James Madison, the American founder father of America, warned that freedom was more at risk from the ‘gradual and quiet encroachments of those in power’ rather than violent and unexpected events.
This is evident in the Court of Appeal verdict last week.
The dignified chamber was elegant and civilized in a way that is unmatched by the three well-informed, experienced and highly qualified judges who ruled for The Duchess Of Sussex and against The Mail.
Meghan Markle is better known as the Duchess of Cambridge. She declared that this decision was a win for anyone who has ever felt’scared to speak up for the right’. It is not clear, however, that this is true.
Even with its many faults, the free press has been an ardent defender of the small and the marginal against the major.
We live a different way because of the mere existence of such an organ, known as the fourth estate of the realm.
Independent journalism exposes the wealthy and powerful at all times. What if there is a more difficult and dangerous law on privacy that makes this exposure impossible?
The implications for press freedom – and for the conduct of the law in general – are severe.
MOS COMENT: Meghan Markle, the Duchess of Cambridge, declared the victory to all who had ever been able to stand for what was right. It is not clear, however, that this is true. (Pictured with Prince Harry: Ms Markle and Prince Harry
Most disturbing was perhaps the heart of the decision, which stated that the Duchess didn’t have to argue her case in court.
If judges can decide – as they did – that they do not even need to hear evidence tested, and witnesses cross-examined, they have given themselves a new and frightening power in a strongly contested privacy case.
The idea behind a trial is based upon the possibility that both sides can present their case to impartial justice.
This idea has been suspended. Is it possible that the judges are so smart they do not need to listen?
The Mail on Sunday wanted to highlight important points. They were based on key information that would have been clarified by the Duchess’s reply.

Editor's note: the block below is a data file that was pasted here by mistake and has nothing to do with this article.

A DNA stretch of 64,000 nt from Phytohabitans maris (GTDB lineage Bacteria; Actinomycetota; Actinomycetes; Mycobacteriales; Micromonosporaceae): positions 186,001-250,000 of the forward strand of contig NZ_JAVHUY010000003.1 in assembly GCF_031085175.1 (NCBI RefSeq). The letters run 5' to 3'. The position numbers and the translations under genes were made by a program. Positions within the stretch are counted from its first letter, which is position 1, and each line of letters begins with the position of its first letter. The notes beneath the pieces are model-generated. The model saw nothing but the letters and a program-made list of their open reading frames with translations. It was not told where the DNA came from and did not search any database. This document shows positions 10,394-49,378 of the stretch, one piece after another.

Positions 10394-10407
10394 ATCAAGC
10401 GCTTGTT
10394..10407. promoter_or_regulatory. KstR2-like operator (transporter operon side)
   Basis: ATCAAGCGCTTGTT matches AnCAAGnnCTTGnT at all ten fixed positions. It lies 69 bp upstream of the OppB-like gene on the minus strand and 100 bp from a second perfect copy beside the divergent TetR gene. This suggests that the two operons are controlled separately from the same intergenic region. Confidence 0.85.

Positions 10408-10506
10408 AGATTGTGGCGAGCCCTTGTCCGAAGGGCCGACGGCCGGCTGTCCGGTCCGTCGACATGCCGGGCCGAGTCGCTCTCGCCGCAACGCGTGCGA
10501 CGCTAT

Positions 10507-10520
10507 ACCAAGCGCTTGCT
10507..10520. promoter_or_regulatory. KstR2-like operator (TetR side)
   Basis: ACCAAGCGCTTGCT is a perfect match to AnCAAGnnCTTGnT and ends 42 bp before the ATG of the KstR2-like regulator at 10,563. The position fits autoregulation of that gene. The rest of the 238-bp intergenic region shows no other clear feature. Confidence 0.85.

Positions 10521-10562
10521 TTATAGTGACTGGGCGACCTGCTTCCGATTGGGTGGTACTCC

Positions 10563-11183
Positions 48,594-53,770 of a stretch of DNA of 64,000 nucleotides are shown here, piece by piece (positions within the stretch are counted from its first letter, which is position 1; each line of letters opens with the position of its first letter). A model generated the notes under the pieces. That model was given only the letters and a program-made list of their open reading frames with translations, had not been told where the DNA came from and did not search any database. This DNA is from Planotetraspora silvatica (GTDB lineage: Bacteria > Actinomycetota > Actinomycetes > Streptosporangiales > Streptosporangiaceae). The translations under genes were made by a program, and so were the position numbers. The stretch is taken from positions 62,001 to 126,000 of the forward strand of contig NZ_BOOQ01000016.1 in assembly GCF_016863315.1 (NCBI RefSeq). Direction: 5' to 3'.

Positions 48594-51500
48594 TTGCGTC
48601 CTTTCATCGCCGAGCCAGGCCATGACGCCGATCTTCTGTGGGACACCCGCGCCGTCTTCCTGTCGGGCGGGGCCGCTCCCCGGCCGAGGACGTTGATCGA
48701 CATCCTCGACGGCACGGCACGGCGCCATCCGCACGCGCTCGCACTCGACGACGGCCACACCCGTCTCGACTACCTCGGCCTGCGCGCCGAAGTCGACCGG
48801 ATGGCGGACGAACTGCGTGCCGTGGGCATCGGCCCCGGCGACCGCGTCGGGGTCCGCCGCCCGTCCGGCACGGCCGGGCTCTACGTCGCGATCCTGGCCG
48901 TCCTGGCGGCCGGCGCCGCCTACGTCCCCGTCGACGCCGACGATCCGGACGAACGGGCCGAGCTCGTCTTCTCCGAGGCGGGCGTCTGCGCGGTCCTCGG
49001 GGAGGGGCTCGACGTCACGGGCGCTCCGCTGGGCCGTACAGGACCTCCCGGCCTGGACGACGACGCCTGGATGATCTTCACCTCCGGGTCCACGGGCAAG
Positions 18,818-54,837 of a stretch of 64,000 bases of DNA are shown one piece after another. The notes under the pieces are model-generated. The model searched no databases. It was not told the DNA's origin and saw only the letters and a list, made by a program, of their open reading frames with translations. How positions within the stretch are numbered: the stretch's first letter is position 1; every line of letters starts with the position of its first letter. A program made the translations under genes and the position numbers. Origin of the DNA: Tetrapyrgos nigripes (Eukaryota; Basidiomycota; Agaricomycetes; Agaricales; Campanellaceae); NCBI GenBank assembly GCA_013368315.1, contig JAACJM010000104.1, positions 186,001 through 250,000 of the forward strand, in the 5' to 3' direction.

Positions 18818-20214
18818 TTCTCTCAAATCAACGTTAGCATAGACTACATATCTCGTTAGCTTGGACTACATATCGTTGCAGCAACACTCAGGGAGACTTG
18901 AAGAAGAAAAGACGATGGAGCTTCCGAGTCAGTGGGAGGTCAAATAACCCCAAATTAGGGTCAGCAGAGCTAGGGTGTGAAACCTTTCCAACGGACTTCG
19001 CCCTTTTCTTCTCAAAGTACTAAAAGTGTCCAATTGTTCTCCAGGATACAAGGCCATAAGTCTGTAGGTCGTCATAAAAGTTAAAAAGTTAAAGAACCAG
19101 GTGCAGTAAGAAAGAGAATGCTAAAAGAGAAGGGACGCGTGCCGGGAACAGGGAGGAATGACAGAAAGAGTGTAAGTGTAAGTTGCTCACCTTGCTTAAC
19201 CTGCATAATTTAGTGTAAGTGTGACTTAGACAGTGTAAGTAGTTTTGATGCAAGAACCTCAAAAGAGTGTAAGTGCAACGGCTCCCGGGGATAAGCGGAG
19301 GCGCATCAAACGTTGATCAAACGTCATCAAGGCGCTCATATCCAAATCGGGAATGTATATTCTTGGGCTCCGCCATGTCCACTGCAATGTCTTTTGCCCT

As the latest case in a long line of court disputes about privacy, this whole matter was decided.
Each step, it seems that the courts are creating a new privacy legislation in this country.
This was not possible before. However, such laws are very protective of the wealthy and powerful in certain continental countries.
The process has been influenced by the European Convention on Human Rights, which Blair government incorporated into English law to effectuate profound social changes.
However, the Charter doesn’t require courts to put privacy over freedom of expression or public interest.
MOS COMMENT (Pictured is the Royal Courts of Justice, London).
The Article 8 of the Constitution states that everyone has the right respect to his family and private life.
This is offset by Article 10, which states: “Everyone has right to freedom and expression.”
It includes the freedom to express opinions, to get and share information with others without being hampered by authorities.
The Tory government has repeatedly promised that it would give the country its Freedom Charter. This is better suited to our traditional values.
However, they have yet to do anything. It is very disappointing.
However, if the ECHR is to be used as a basis for our governance, judges should remind us that this protects freedom for all and there are times when privacy needs to be respected by the rich and powerful.